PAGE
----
The number of general practices that decide to administer COVID vaccines will speak volumes as to whether GPs think they are being paid enough to participate in the program, says the AMA president.
Dr Omar Khorshid said that while the timeline of rolling out the program in general practice remains unclear, GP participation would remain crucial to its success.
“We’ve certainly pushed for a model that would be viable for the bulk of general practices and [Health Minister Greg Hunt] has indicated to us that he’s hoping that the bulk of GPs will participate,” he told TMR.
Dr Omar Khorshid said both the AMA and RACGP had pushed the government over consecutive weeks to make sure the Medicare items for administering the COVID vaccine were viable for practices.
The Department of Health revealed at the weekend how GPs would be remunerated for COVID vaccines, with practices set to recoup between $65 and $74.90 for each patient who completed the two-dose course.
The decision was met with outrage from GPs on social media, who called out the item numbers as being “low-value” for medical practices.
Sad that Australian General Practice is ready & able to deliver COVID-19 immunisation across nation – yet imposition of mandatory bulkbilling low value item number under @MedicareGov means most GP clinics will run program at significant loss to their business @racgp @GregHuntMP pic.twitter.com/wXbyhXWLD8— Tim Leeuwenburg (@KangarooBeach) January 24, 2021
Dr Khorshid said the AMA felt the MBS items offered a reasonable payment for a vaccination clinic model, where vaccines were being efficiently delivered by a practice nurse, on behalf of a GP.
“The item numbers in the position that we got to after chatting with the RACGP and the government were, as always, a compromise and negotiation,” he said.
GPs have been warned by the RACGP that they shouldn’t express their interest in participating in the vaccination program if they don’t think it’s financially viable for their practice.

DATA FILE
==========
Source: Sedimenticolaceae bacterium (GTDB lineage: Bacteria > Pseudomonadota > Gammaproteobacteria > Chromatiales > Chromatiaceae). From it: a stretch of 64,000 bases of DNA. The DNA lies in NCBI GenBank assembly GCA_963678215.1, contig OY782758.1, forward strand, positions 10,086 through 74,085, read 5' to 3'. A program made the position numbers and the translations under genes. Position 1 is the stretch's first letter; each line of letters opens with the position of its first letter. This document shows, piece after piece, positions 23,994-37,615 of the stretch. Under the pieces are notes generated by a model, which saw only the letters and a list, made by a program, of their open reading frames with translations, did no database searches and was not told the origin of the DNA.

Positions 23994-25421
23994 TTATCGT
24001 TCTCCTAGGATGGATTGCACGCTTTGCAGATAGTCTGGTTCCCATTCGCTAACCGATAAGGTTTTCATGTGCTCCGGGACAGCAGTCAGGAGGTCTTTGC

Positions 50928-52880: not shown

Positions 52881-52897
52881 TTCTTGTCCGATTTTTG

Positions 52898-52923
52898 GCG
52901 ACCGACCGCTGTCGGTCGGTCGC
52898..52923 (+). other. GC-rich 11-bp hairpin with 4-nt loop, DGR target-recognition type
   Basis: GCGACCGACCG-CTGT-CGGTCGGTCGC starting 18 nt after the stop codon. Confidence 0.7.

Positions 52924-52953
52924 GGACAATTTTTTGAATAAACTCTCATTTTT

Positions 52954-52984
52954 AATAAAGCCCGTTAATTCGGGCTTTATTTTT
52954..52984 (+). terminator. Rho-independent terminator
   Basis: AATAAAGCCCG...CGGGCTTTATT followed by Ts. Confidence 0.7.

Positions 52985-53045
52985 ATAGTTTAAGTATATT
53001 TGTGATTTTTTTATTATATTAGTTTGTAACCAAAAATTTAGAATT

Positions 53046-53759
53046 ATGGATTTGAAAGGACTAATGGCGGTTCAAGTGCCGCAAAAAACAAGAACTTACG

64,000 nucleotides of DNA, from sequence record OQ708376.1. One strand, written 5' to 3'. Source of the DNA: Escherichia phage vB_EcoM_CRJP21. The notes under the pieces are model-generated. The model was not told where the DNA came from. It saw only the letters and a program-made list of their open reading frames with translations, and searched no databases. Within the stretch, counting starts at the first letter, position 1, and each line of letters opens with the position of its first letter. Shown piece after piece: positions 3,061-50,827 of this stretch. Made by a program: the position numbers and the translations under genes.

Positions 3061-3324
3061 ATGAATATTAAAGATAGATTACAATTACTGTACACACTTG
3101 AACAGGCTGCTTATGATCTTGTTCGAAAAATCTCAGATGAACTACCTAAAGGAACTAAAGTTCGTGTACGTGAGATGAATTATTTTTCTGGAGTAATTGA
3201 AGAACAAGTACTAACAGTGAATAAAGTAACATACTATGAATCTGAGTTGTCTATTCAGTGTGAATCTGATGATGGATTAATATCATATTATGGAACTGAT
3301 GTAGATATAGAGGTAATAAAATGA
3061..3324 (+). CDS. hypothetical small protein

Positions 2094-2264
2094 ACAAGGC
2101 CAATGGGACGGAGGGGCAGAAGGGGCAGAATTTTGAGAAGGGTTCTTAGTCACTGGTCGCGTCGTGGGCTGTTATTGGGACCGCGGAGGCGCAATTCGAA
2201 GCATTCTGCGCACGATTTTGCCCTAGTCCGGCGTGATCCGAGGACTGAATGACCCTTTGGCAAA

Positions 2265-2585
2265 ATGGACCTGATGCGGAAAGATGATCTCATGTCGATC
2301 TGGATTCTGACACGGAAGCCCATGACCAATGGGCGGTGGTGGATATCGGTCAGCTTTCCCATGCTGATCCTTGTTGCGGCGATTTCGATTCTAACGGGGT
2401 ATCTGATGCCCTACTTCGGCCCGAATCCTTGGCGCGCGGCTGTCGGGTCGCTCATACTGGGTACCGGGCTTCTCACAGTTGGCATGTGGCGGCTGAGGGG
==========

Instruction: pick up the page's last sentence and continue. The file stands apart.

But only time will tell if the money currently on the table from the government is enough to incentivise GP practices to become COVID vaccination hubs.
And Dr Khorshid said it was an important factor to consider, given participation from general practices would be integral to the success of program.
“We’ve been led to believe [the government] were looking initially at maybe 1000 practices around the country – which is not going to be enough to roll it out 20 million people,” Dr Khorshid told TMR.
“The success of this will require a lot of GPs to want to participate, and I’m hoping that’s what will happen.”
But the time involved in obtaining patient consent has been acknowledged as a considerable barrier for practices in streamlining the administration of COVID vaccines.
“The government has agreed to a national consent process so that GPs aren’t having to spend substantial amounts of time on informed consent with the patient during the vaccination process, because clearly, that won’t work with the numbers [of patients] that we need to get through, and the amount that [the government is] willing to fund it,” Dr Khorshid said.
This would enable GPs to initiate separate consults for patients needing more counselling, separate to the actual vaccine administration, that could be eligible for co-claiming.
“This would also allow the ability to be opportunistic and suggest those in normal consults to pop next door and get the vaccine,” Dr Khorshid said.
But Dr Khorshid said that if GP practices were not moved by the current item numbers being offered for the vaccination program, the federal government would have to reconsider its offer.
“The government is clearly trying to limit the cost of the program, and they’re always going to be pushing one way, and of course, the AMA and RACGP are pushing another way,” he said.
“The viability of this set of numbers will be tested by how many practices choose to participate and we fully expect that if it doesn’t turn out to be viable, or doesn’t fulfil the requirements of general practice, then it would need further consideration to improve it.”